SEC wrestles with Internet age in Netflix case

Fri Dec 7, 2012 5:51pm EST
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By Aruna Viswanatha and Sarah N. Lynch

WASHINGTON (Reuters) - A U.S. regulatory probe of Netflix Inc over disclosures made on its chief executive's Facebook page could prove an important test of whether a rule designed to prevent leaks to analysts can translate to the social media age.

The movie and TV streaming service revealed on Thursday that it may face action from the Securities and Exchange Commission if the agency determines the comments from CEO Reed Hastings violate a rule that requires information to be disclosed to investors at the same time.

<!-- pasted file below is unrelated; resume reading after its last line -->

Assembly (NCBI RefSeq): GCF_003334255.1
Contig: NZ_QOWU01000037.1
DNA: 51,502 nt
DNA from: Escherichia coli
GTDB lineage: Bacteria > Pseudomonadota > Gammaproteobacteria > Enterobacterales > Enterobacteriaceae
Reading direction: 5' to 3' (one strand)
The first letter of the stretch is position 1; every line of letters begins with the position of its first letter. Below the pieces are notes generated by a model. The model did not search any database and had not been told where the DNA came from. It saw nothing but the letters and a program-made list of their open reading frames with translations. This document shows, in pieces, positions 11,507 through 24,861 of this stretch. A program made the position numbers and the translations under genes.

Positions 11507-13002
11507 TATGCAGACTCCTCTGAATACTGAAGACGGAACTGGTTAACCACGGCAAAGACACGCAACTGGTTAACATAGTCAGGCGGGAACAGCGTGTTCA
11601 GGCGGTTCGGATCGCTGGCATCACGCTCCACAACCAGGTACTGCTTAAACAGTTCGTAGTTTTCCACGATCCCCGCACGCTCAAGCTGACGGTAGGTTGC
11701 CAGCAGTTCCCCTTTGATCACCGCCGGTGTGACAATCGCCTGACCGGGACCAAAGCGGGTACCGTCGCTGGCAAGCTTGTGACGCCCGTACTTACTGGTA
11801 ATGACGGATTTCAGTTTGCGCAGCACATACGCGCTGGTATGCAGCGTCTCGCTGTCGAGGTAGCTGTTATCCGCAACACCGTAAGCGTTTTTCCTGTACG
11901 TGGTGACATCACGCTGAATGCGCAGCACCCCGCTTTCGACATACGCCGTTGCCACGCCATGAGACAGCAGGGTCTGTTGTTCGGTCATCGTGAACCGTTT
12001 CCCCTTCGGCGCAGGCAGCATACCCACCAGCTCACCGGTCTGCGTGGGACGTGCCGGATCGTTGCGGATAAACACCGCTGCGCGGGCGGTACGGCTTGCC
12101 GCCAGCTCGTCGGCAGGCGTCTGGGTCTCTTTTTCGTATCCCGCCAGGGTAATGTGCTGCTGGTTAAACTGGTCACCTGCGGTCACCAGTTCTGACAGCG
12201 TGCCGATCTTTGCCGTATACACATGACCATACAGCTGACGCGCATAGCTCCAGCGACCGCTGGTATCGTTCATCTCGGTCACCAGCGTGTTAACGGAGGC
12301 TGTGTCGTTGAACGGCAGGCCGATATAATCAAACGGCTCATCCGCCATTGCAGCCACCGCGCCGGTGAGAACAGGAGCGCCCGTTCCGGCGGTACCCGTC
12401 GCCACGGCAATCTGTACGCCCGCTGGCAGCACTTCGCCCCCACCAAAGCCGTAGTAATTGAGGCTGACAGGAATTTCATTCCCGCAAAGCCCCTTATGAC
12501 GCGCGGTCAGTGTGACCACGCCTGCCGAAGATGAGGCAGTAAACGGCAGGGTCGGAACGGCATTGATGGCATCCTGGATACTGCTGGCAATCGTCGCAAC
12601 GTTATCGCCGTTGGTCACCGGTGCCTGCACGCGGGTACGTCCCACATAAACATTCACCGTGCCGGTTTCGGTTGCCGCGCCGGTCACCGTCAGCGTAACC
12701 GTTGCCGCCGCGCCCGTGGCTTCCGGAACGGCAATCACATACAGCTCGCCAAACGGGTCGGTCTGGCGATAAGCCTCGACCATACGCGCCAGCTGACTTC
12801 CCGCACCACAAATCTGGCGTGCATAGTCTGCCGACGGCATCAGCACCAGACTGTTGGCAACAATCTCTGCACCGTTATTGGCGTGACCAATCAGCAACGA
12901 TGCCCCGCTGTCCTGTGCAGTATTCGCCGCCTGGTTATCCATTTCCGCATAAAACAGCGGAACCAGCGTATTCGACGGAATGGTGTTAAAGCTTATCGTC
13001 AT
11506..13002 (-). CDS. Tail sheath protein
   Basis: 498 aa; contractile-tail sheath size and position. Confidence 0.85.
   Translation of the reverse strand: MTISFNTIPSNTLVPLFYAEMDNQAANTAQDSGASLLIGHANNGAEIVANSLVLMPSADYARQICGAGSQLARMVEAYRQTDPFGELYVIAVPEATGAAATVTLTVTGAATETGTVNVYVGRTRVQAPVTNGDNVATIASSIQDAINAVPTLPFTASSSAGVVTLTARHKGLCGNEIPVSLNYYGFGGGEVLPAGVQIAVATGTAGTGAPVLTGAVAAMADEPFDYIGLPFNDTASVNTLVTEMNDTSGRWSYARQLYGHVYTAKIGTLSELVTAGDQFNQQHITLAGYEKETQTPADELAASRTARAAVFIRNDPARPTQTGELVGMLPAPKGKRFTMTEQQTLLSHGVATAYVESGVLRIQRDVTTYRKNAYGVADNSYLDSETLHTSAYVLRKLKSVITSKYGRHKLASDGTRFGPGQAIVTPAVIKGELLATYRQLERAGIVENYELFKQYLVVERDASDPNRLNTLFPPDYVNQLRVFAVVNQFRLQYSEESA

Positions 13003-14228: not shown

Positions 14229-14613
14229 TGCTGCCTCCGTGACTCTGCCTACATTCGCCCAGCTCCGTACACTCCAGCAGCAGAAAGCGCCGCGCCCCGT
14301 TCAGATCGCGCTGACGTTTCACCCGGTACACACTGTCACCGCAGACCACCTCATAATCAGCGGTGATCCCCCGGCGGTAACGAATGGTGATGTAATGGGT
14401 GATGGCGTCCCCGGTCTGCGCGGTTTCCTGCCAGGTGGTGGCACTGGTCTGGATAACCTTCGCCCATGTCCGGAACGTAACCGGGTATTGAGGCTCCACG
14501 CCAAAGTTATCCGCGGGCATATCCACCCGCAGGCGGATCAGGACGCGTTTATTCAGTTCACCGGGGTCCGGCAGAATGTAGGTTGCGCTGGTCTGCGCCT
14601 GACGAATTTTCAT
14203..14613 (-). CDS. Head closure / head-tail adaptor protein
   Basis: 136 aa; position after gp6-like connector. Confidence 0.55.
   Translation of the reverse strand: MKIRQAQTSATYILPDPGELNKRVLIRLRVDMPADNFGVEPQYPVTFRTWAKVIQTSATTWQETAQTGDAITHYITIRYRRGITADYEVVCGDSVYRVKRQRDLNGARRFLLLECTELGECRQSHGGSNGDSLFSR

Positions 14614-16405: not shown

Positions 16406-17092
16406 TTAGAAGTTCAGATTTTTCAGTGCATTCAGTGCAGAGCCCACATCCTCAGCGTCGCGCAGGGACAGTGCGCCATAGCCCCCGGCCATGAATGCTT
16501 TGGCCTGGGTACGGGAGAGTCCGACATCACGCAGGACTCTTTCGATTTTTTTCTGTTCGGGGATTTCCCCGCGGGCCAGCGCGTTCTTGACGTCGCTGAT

Hastings' Facebook page had more than 200,000 subscribers, including reporters and analysts, when he told them on July 3 that the company had hit 1 billion hours viewed in June.

But the case may not hinge on whether or not his page qualifies as a public dissemination.

Instead, it may come down to two other issues.

One, whether the information was material to investors.

And two, if it was material, whether investors knew that Hastings' Facebook page was a venue to release important company news.

As evidence of materiality, the SEC could point to statements Hastings made earlier in the year highlighting milestones, including hours streamed, as metrics investors should watch.   Continued...

A sign is shown at the headquarters of Netflix in Los Gatos, California September 20, 2011. REUTERS/Robert Galbraith